Take a look around you. How many objects around you have plastic parts? Plastic is now omnipresent in our lives, from our cutlery to our accessories, our toys to our most advanced technology. It’s in our lunchboxes, bathrooms, kitchens and closets, gardens, toolsheds, and even our bedrooms. It’s given us so much in the 80 years it’s been available, and allowed us to learn the true meaning of convenience-having everything cheap, readily available, and good to take anywhere. You’d think we should be grateful for all plastic has done for us, but plastic has a downside too. Plastic products were created to help us-but unlike other materials, plastics don’t degrade and disappear after we’re done using them.
Here are some facts and history about plastic products, so that you have a good understanding of why they are an important topic in ocean literacy. Tomorrow, we will be providing you with activities and materials you can use at home or in the classroom about plastics and the marine environment.
Are there ways to stop using plastic? It is difficult, but the answer is yes. On Thursday, we will provide you with some resources you can use to begin living a less plastic filled life. We will also be talking about how you as a consumer can help influence producers to reduce their use of plastic, so that you can get more of what you want, without plastic guilt!
FACTS ABOUT PLASTICS:
What is Plastic?
From Dictionary.com: Plastic is defined as: "any of a group of synthetic or natural organic materials that may be shaped when soft and then hardened, including many types of resins, resinoids, polymers, cellulose derivatives,
casein materials, and proteins. [Plastics are] used in place of other materials, [like] glass, wood, and metals, in construction and decoration, for making many articles, as coatings, and drawn into filaments, for weaving. They are often known by trademark names, as Bakelite, Vinylite, or Lucite."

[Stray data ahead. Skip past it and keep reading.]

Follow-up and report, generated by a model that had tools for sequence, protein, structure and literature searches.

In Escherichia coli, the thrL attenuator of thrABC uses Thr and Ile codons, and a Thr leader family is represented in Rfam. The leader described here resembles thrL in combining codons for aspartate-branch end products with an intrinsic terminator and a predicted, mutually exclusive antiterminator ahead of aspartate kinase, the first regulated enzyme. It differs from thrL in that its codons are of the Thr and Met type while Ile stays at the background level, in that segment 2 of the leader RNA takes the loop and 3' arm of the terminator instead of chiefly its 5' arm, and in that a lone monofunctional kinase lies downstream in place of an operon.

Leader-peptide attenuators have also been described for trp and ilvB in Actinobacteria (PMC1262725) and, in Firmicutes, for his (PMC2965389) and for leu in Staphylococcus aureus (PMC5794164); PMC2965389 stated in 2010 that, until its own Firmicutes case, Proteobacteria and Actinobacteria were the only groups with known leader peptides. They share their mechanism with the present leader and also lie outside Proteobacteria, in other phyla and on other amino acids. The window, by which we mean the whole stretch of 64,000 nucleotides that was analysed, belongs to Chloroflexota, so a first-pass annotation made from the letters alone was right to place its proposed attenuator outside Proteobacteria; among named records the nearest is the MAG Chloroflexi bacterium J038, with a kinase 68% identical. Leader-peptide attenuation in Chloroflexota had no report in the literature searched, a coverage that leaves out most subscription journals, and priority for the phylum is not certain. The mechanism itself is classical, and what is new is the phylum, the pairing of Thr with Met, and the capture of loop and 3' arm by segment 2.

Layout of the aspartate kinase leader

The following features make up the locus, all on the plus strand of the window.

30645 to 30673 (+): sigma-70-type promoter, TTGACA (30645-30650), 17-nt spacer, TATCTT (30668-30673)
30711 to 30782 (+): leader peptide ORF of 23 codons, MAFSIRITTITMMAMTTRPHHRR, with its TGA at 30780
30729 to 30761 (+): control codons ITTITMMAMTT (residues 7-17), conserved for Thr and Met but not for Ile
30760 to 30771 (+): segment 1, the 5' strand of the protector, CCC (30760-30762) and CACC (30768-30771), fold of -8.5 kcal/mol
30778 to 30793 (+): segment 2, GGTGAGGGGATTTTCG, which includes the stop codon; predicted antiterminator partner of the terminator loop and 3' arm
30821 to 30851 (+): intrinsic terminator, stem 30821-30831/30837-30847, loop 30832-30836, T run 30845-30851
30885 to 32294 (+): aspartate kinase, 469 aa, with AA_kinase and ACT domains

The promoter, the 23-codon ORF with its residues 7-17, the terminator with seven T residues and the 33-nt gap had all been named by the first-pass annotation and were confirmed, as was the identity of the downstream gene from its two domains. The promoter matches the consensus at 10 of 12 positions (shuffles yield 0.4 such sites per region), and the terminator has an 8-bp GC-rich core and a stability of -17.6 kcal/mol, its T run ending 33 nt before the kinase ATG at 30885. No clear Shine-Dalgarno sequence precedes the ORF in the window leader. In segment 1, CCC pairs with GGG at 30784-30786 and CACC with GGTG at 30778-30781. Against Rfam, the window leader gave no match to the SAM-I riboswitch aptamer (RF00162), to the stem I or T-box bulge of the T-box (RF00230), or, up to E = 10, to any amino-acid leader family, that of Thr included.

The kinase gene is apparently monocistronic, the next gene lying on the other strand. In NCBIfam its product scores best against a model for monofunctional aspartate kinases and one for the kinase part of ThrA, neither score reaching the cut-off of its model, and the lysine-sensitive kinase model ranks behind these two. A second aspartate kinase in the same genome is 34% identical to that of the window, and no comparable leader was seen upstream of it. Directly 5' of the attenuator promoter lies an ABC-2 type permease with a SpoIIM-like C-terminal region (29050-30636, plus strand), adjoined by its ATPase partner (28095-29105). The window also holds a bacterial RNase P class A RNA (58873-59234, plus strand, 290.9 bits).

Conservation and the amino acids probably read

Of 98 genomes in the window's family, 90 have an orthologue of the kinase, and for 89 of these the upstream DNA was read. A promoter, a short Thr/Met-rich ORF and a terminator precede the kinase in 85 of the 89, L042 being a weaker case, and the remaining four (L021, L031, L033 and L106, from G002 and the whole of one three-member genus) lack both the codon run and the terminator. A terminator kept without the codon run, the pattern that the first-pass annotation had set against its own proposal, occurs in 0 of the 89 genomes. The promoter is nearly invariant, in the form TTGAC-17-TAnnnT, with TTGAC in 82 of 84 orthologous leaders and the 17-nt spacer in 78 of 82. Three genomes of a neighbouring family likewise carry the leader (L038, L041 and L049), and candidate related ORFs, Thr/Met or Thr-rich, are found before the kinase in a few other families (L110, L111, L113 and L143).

How is plastic created?
Plastic is an inorganic, man made compound that is most often produced as a byproduct of oil or petrochemicals. Each plastic type is different, but all plastics are essentially chains (polymers) of carbon-based units known as monomers. The monomers, or repeating molecular units, of plastic often contain carbon along with hydrogen, sulfur or oxygen or nitrogen. The combinations of these elements into linking chains determines the type of plastic produced, and it's associated properties.
How many types of plastic are there?
The amazing thing about plastics is that they can be used for so many things. Plastics can be made to suit almost any purpose, which means that there are hundreds of different types and subtypes of plastic in the world.
There are two main categories of plastics: Thermoplastics (plastics that can be melted and remelted to return to their original state) and Thermosets (plastics that are set using heat into one particular shape and cannot change form. Read more about these categories on the How Stuff Works blog.
Because there are so many types of plastics, The Society for Plastics Industry developed a categorization system to help broadly identify the type of plastic used in products you might purchase or have in your home.
You probably recognize the symbol they chose to help define the category- it looks an awful lot like the recycling symbol, right?
Despite all plastics in the home bearing this symbol, it's presence on the products doesn't necessarily denote that a container is recyclable. Learn about what these symbols really mean on The Daily Green blog.
How is plastic recycled?
How is plastic recycled?
Check out the Wisegeek blog for more details on this process.Thermoplastics that are used for household products can be broken down, cleaned,melted, and recycled into preproduction pellets, known as "nurdles". These nurdles can then be remixed and used to create new products, like fleece, carpeting, and constuction materials. Plastics can now even be used to make useful things like jeans, chairs and even bridges.
What is the future of plastics?
Plastic is now a cultural addiction, and it's starting to show. Plastic can now be found even in the most remote environments on earth, and has become a serious problem.
Solutions are starting to emerge though.
Akinori Ito, founder of Blest Corp. in Japan, has developed a portable machine that takes plastic and converts it back into oil, so that it can be used again.